Cookies on this website
We use cookies to ensure that we give you the best experience on our website. If you click 'Continue' we'll assume that you are happy to receive all cookies and you won't see this message again. Click 'Find out more' for information on how to change your cookie settings.
None

It was Apicius, the Roman gourmand, who came up with the line that “the first taste is with the eyes”. The latest research from the emerging field of gastrophysics shows that he was absolutely right. Our brains evolved to help us find food – and making food look more visually appealing can prime expectations and therefore enhance the taste.

Read the full article on The Conversation website, written by Professor Charles Spence, Department of Experimental Psychology.  

Oxford is a subscribing member of The ConversationFind out how you can write for The Conversation.

Similar stories

Drug could help diabetic hearts recover after heart attack - Oxford research

Researchers at the University of Oxford have identified a drug that could ultimately help improve heart function in people with diabetes who have heart attacks.

Largest ever global study of tuberculosis identifies genetic causes of drug resistance

Using cutting-edge genomic sequencing techniques, researchers at the University of Oxford have identified almost all the genomic variation that gives people resistance to 13 of the most common tuberculosis (TB) drug treatments.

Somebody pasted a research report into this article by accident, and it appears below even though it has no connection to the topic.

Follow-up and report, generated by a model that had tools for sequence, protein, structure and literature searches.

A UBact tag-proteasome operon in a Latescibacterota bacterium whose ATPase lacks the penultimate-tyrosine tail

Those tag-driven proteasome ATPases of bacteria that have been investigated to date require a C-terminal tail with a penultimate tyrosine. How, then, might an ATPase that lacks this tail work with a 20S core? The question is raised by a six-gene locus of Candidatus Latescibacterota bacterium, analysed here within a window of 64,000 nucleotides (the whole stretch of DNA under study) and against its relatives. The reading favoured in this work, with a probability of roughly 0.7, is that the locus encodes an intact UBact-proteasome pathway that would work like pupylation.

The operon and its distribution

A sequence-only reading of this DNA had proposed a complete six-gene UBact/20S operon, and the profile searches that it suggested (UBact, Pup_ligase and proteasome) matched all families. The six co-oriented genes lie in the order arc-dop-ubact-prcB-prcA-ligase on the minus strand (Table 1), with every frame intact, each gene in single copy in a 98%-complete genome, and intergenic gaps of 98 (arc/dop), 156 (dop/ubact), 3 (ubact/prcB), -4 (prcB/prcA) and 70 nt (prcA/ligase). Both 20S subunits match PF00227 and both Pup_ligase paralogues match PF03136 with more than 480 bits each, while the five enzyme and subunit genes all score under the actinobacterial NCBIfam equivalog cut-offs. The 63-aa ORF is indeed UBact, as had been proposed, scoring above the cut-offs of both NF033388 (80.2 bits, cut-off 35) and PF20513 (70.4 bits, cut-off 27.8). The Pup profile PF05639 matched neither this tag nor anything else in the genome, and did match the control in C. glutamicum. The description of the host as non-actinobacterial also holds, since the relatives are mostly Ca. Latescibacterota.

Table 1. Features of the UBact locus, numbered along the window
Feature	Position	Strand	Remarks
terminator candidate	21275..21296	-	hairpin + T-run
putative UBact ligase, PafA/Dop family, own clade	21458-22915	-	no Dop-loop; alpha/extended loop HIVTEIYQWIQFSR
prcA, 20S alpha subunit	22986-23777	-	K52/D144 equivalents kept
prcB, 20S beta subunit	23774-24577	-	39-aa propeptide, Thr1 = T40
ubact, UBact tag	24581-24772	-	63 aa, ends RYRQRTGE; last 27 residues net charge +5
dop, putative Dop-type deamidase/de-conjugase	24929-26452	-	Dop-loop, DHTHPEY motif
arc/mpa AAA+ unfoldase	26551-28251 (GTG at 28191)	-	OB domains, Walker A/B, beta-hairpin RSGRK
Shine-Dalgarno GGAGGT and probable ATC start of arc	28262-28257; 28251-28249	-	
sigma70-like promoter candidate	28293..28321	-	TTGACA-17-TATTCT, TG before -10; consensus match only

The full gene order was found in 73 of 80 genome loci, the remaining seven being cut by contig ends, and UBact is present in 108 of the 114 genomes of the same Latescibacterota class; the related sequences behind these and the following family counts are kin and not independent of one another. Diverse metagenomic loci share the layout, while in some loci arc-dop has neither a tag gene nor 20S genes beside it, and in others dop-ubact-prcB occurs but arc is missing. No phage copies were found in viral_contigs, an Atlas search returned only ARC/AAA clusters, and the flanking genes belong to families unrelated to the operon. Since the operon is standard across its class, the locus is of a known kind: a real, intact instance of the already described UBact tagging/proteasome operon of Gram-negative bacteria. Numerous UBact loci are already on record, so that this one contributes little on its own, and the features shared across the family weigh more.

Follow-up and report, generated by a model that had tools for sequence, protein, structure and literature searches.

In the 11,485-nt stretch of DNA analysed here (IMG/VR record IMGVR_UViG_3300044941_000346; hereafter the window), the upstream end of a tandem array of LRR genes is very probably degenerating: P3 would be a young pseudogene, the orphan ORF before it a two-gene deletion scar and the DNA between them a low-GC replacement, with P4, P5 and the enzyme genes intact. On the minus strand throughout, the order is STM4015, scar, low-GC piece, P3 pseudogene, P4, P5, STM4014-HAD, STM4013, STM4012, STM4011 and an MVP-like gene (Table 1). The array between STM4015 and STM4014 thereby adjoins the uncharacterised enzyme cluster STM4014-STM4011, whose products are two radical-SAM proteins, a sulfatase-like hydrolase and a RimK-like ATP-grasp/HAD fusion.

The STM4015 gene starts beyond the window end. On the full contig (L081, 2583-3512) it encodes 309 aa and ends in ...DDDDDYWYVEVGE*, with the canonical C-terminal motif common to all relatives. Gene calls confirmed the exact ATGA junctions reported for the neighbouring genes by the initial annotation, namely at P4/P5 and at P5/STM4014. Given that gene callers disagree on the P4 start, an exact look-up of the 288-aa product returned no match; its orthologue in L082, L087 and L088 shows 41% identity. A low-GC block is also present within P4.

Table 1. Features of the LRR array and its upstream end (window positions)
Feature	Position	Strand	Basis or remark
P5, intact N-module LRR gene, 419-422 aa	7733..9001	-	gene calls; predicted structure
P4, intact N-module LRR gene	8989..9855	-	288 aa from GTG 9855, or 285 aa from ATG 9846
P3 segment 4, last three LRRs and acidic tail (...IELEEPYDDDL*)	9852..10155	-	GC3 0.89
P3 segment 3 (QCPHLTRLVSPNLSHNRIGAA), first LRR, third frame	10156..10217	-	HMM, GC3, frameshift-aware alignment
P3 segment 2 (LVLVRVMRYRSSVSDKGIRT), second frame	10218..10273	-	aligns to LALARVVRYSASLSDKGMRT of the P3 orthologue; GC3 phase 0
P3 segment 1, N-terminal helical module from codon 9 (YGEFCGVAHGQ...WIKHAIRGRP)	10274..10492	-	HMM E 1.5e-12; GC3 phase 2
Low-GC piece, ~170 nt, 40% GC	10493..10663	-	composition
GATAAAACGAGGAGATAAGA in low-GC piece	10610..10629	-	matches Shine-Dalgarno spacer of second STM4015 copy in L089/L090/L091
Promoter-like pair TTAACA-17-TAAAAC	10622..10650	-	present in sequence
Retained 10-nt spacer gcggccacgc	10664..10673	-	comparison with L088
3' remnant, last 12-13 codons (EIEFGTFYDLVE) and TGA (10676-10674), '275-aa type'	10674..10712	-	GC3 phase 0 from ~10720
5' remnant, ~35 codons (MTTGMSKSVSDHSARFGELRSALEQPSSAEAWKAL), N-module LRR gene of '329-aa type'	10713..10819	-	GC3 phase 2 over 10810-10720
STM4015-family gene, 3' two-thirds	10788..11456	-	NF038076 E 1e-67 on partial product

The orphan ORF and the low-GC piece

Researchers set out steps to address mental health effects of the pandemic on young people

Researchers have outlined 14 steps that schools, mental health services and policymakers can take to help children and young people whose mental health has been affected by the COVID-19 pandemic.

Anti-cancer drug derived from fungus shows promise in clinical trials

A new industry-academic partnership between the University of Oxford and biopharmaceutical company NuCana as found that chemotherapy drug NUC-7738, derived from a Himalayan fungus, has 40 times greater potency for killing cancer cells than its parent compound.

No benefit of convalescent plasma for critically ill COVID-19 patients

A large study of over 2000 COVID-19 patients has found that giving critically ill patients blood plasma from recovered COVID-19 patients did not significantly reduce deaths, or the need for intensive care support such as being put on a ventilator machine.

Increased infectiousness of coronavirus variants explained

Researchers from the Universities of Oxford and Dundee have made a discovery that helps explain why variations in the virus causes COVID-19 to spread so rapidly.